“My parents were very accomplished and well-connected with other Black families. They were friends with several influential people in politics and business of that era,” she says. “My environment was very multicultural, so the lens that I look through as an American is, anything is possible – no holds barred.”

This brimming confidence and can-do spirit later led Heidi to build a career in the technology sector, which at the time was an emerging, white male-dominated space centered in Silicon Valley.

“It was the late 90s/early 2000s, and there was all this discussion in the media about how the tech sector was an egalitarian or meritocracy sector,” she chuckles. “It’s really not.”

Despite being among a minority of women in Silicon Valley and a Black woman, Heidi built a successful career in tech. Starting in Sales, she eventually tapped into her right-brained thinking and extroverted personality and shifted to a thriving tenure in communications and marketing. She would eventually rise to the rank of Chief Marketing Officer.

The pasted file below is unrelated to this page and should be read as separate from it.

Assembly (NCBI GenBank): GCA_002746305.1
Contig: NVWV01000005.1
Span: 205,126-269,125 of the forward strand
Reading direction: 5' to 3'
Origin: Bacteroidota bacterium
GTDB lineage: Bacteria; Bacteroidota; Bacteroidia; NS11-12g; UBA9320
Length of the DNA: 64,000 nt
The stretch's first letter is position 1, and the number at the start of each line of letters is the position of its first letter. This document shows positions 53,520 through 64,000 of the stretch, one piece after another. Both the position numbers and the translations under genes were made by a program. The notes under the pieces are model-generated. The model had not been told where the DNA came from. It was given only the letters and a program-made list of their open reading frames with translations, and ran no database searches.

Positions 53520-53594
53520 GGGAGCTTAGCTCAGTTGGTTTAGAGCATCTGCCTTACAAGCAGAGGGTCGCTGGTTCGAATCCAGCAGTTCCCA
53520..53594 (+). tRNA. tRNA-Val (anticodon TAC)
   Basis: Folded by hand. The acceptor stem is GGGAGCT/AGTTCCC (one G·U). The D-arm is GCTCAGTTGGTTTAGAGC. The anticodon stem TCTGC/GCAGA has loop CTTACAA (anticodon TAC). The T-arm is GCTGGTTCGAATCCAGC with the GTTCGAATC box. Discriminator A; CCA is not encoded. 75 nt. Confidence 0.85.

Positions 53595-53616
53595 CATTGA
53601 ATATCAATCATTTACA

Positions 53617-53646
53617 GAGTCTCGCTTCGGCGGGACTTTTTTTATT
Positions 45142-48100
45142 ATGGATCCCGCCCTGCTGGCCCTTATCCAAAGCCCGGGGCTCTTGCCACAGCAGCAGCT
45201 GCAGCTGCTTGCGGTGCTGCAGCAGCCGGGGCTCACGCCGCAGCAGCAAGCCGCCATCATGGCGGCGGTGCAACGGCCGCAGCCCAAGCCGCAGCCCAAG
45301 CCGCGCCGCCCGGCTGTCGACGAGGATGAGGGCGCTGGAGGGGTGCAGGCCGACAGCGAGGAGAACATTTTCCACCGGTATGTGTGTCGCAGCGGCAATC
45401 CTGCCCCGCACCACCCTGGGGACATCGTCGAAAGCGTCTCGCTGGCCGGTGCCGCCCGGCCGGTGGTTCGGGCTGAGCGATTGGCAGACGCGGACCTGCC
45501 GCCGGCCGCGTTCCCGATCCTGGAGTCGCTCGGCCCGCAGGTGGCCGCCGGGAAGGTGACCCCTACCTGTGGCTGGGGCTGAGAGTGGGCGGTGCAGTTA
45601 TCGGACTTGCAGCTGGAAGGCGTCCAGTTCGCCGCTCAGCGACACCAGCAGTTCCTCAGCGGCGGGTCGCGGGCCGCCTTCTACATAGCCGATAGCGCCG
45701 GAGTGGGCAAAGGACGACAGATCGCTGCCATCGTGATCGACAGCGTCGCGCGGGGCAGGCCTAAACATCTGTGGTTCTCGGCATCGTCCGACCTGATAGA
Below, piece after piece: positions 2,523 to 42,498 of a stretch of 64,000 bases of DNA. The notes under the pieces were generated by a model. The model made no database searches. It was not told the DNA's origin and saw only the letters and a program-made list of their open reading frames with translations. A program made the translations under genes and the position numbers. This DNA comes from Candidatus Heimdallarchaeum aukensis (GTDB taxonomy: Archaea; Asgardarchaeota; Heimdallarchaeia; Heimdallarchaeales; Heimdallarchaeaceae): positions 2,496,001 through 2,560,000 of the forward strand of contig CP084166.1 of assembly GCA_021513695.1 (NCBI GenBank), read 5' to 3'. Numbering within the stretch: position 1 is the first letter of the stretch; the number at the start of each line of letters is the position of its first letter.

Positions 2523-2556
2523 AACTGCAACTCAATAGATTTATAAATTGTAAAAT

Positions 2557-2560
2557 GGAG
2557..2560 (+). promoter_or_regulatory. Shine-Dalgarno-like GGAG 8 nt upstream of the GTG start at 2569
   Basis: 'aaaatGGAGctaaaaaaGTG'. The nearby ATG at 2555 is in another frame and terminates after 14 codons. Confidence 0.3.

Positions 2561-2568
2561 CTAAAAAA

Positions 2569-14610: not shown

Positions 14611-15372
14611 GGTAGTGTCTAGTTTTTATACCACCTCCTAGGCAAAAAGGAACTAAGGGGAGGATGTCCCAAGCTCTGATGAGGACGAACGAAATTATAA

Out of Chaos Comes Clarity

Although she’s served as a marketing executive for select tech companies over the past few years, Heidi left her full-time career in the sector in 2017 to launch a wellness company, while providing fractional CMO services to the corporate sector. 

“I was two years into my marriage, and my life had shifted,” Heidi recalls. “I was sick of what I was doing in tech. My mom’s cancer had returned, and I was becoming more of a health advocate for her.”